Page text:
As one of the most popular shows on television in the late '70s to early '80s, "Happy Days" helped propel many of its cast into the production side of show business. Ron Howard, Henry Winkler, Don Most and Anson Williams all achieved recognition …
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As one of the most popular shows on television in the late '70s to early '80s, "Happy Days" helped propel many of its cast into the production side of show business. Ron Howard, Henry Winkler, Don Most and Anson Williams all achieved recognition behind the camera as producers, directors and/or writers.
Williams played Potsie - a na ve, well-meaning friend to Ron Howard's Richie Cunningham character - and partly credits the show's producer and writer for motivation.
"I had such an education because of Garry Marshall, who inspired us to broaden our horizons," said Williams from Los Angeles.
Later becoming a successful TV director himself, Williams also branched out into the business world. "With my business partner JoAnna Connell, we developed dozens of products which sold on QVC for a decade."
He's especially gratified with a new product, available since June, called Alert Drops - a simple spray that can prevent drowsy drivers from falling asleep behind the wheel. It's estimated that there are thousands of drowsy-driving related fatalities each year across the United States, with many more injuries.
"It's a common but often neglected problem," said Williams. "Just a spray of Alert Drops on the top of the tongue produces a reflex reaction that causes the body to release a burst of adrenaline, and you're instantly awake."
Williams experienced the dangers of drowsy driving back in the late '80s while working on the "Slap Maxwell" series.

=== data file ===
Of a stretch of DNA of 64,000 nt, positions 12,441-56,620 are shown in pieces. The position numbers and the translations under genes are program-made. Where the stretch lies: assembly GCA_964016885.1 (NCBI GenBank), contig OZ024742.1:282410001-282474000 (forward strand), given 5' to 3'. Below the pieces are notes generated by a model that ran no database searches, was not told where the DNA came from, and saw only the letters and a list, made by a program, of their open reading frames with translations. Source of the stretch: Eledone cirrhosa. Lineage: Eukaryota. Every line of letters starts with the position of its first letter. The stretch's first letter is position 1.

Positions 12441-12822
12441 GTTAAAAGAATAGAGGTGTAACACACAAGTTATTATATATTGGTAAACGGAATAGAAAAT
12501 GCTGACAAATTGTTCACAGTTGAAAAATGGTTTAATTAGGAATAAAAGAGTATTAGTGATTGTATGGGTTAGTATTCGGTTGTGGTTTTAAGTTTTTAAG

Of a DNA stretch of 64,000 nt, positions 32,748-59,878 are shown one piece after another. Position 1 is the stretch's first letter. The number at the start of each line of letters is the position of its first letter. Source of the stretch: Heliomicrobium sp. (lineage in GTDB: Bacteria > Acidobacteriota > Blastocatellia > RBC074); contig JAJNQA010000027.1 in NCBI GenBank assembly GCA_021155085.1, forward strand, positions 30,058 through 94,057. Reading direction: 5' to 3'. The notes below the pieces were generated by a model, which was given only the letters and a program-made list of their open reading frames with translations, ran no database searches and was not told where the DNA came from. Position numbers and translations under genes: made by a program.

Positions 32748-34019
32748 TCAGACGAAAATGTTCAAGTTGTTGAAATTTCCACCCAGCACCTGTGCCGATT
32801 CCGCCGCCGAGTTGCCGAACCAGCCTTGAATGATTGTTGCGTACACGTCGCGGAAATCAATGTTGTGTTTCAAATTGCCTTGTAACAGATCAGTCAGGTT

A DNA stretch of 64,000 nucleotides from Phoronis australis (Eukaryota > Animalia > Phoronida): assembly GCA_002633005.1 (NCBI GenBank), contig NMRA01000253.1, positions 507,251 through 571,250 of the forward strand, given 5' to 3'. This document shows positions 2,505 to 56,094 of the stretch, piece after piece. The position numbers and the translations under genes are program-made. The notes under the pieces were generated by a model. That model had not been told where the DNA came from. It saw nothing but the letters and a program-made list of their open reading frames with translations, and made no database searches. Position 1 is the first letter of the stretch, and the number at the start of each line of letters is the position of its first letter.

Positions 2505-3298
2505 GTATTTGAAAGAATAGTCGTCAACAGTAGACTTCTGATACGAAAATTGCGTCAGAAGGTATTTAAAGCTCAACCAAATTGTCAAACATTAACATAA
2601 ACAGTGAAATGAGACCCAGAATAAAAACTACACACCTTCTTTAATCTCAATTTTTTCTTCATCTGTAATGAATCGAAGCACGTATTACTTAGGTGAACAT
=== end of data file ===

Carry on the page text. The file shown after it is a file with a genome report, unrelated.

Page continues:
"After a rough day directing in the hot Palmdale desert, I was driving home and suddenly found myself bouncing around in the car off the road," he said. "I'd fallen asleep and was extremely lucky I didn't kill myself. It scared the heck out of me."
He later recounted the incident to his 'uncle,' Dr. Henry Heimlich - yes, of the anti-choking Heimlich Maneuver fame.
Dr. Heimlich ("He was actually my second cousin, but I always called him uncle") suggested packing slices of lemon to bite into while driving, to counter drowsiness. "I did that for years, and it worked, but who wants to suck on messy lemons when driving? I called Uncle Hank and asked if the same effect could be achieved by putting the lemon ingredients in a spray bottle. He said that was a brilliant idea."
While the ingredients are listed on William's website (www.alertdrops.com), he said "we did work with a chemist for two years to get the concentrations right. We're saving lives every day, which is very satisfying."
Williams says his time back on "Happy Days" was professionally satisfying, but the show was almost shelved when the pilot was recycled by ABC as an episode of "Love American Style."
"It was actually a pilot first but didn't sell," Williams said. "When 'American Graffiti' came out (in 1973) and was so popular, ABC re-shot another pilot more like 'Graffiti' and changed some of the cast."
Williams was still appearing in "Happy Days" when he was inspired to produce the TV movie, "Skyward" and brought in Ron Howard in one of his earliest directing roles.
"It really started my career behind the camera," said Williams, who remains appreciative for his accomplishments.
"I left home when I was 18 with just $100 and made it into show business," he said. "To get on a hit show like 'Happy Days,' then become a director, and to have an 'uncle' like Dr. Heimlich who inspired me to create a life-saving product - what are the chances of all that happening?"
Nick Thomas teaches at Auburn University at Montgomery, Alabama, and has written features, columns and interviews for more than 650 newspapers and magazines. See www.tinseltowntalks.com
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